Design Against Crime as an approach to social innovation emerged at University of the Arts London between 1999-2009.
The philosophy behind Design Against Crime at Central Saint Martins is linked to a practice-led socially responsive design research agenda that posits crime as a theme that can be addressed by methodologies generated by 'social design' (also referred to as 'socially useful design' or 'design for society'); an approach which comprehends that because crime is not carbon neutral any design address also demands attention to multiple drivers, including those used to measure sustainability.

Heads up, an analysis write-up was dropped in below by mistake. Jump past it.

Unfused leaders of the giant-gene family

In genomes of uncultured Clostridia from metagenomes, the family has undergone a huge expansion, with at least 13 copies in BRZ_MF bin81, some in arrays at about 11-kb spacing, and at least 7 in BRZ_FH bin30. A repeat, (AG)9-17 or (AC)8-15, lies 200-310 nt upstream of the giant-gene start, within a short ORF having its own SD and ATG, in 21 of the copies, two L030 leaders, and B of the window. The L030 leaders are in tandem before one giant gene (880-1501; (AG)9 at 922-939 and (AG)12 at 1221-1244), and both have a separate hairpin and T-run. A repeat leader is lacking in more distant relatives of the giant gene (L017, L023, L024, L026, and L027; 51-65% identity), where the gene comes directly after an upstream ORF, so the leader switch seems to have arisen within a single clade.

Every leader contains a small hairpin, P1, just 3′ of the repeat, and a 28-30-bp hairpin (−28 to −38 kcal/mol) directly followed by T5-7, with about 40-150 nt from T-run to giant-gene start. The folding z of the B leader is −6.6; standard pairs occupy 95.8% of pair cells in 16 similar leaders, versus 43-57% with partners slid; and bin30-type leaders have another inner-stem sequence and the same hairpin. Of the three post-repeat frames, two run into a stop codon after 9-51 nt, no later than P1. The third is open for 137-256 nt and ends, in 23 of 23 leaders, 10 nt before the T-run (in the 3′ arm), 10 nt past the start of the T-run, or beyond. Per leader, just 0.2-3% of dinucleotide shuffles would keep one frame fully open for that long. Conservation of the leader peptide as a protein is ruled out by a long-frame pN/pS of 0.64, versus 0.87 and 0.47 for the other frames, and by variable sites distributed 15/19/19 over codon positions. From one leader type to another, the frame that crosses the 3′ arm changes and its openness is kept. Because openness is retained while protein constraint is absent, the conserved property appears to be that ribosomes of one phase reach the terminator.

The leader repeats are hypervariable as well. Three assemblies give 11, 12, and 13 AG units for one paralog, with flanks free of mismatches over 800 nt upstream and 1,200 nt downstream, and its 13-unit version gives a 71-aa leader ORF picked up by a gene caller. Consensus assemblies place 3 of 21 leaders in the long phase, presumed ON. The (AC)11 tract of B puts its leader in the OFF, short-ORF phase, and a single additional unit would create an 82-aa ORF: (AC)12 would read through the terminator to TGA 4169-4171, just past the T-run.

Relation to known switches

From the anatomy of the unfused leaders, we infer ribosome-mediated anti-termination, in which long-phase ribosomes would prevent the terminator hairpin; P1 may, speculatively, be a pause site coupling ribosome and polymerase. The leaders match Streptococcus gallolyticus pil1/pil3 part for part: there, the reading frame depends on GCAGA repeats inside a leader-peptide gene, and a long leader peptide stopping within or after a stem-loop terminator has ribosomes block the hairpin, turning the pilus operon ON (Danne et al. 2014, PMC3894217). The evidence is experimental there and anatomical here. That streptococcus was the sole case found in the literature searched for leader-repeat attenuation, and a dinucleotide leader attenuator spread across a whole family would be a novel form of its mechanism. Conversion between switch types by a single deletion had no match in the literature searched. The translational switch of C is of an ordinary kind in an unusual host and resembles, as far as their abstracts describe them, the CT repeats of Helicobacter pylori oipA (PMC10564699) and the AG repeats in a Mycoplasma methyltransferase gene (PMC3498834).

The Centre's focus is based on the understanding that design thinking as well as design practice can and should address security issues without compromising functionality and other aspects of performance, or aesthetics.
In everyday language, secure design has to be user-friendly whilst abuser-unfriendly but it doesn't have to look criminal or even ugly.
For more information visit the Design Against Crime website.
Professor of Design and Director of DAC (Design Against Crime) Research Centre